Election update: Clegg 2, Murdoch 0

We had our second debate last night, and it went pretty well the way it was expected to—Gordon Brown and David Cameron apparently decided that they didn’t want to be Nick Clegg’s best friend any more. Clegg’s (and the Lib Dem’s) dramatic surge in the polls following the first debate seems to be holding up. Much of the commentary, in fact, has been along the lines of “the gloves are off” kind of thing. Still, though, it was interesting and depressing for an American used to the brain-dead logorrhea that passes for political discourse in the US to listen to three politicians who, frankly, knew their stuff. The only American politician who comes close, in fact, is Obama. What a depressing thought. The mood was more confrontational, of course, since both Cameron and Brown felt pressured by Clegg’s continued improvement in the polls. But Clegg, by common consensus, held his own. (The set was even more bizarre than last week’s, if such a thing is possible.)
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Qwest/CenturyTel merger: do you, Triceratops, take this Brontosaurus to be your lawfully wedded wife?

It was announced yesterday that Louisiana-based CenturyTel is buying Qwest, marking the second major takeover in ten years for the Denver telco. I have some history with the US West iteration of the company, having worked there from 1997 until the ill-fated Qwest “merger” in Summer 2000.

I was fortunate enough to be a part of USW’s PR group, which remains the best large corporate communication division I have ever seen (and in that role I got to do some interesting, groundbreaking work). I’ve continued to watch the company fairly closely through the years, especially as the unfortunate Nacchio affair unfolded (and am proud of the repeated stompings we here at S&R have administered to that amoral cur along the way). I have hoped for the best over at 1801 California for a number of reasons. Continue reading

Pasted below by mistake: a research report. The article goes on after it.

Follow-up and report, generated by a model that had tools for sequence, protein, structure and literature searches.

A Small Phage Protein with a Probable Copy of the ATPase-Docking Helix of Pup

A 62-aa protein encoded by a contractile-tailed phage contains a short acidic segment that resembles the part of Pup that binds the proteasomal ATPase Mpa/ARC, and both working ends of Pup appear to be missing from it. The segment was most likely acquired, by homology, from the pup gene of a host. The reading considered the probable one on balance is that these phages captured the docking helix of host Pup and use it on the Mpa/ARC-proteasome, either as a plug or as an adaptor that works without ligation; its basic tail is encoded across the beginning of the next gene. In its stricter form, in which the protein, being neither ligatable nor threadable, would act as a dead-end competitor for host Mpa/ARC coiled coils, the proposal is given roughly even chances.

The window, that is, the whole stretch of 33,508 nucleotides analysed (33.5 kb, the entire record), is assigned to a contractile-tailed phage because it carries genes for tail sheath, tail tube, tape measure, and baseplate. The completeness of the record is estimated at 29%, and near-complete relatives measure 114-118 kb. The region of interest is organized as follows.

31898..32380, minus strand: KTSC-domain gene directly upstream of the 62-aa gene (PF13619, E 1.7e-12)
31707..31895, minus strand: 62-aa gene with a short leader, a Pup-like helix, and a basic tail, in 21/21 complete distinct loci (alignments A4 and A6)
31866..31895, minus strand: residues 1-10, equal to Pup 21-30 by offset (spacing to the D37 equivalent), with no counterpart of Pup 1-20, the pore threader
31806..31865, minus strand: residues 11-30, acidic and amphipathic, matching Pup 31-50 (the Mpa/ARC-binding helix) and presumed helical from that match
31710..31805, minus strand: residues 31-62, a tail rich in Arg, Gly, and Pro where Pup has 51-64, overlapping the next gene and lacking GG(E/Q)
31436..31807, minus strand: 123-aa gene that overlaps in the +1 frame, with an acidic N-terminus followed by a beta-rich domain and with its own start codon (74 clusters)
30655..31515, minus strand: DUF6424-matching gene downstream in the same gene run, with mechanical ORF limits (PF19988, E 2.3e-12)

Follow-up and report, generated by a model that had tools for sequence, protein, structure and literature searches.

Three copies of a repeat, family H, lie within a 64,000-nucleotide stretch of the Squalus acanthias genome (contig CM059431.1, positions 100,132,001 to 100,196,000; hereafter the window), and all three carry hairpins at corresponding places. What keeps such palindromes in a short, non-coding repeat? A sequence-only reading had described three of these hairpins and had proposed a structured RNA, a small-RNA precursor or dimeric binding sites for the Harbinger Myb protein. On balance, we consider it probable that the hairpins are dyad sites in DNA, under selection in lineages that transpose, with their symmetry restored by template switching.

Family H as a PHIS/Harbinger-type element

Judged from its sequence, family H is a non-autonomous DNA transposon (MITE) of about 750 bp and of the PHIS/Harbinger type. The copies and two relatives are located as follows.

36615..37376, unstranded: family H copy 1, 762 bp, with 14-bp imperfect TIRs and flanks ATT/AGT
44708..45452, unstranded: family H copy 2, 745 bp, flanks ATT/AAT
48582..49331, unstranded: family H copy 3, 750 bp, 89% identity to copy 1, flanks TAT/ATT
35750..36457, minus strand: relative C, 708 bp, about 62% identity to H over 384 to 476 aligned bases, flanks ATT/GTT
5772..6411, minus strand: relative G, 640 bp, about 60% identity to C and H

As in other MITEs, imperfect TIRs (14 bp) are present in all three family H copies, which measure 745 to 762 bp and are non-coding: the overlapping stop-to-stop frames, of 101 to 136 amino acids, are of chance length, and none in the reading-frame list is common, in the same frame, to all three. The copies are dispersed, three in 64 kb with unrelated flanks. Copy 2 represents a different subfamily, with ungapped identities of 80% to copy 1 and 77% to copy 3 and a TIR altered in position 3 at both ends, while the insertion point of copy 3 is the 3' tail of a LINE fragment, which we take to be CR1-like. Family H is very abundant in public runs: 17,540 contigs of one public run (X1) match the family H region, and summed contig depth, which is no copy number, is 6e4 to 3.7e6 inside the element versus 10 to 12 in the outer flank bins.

Lily Dale: Getting a read on a reading

By Jared VanDyke

Part four of a five-part series

Rev. Bonnie White, spiritual artist and medium, pegged my age without asking.

“Oh,” said Bonnie. “A digital recorder. How does it work?”

With all the enthusiasm a nerd of my generation carries, I explained the workings of my recorder. I spent two minutes dissecting my device’s memory, extraction methods, sensitivity, and ease of use, all for a woman who just smiled and nodded. Her over-worked and liver-spotted hands ran over my toy’s plastic case, waiting with that ever-patient smile for me to finish yammering.

“So,” said Bonnie. “You were born with the chip, huh? Your whole generation is like that. Some days I wish I had it too.”

Shit. Continue reading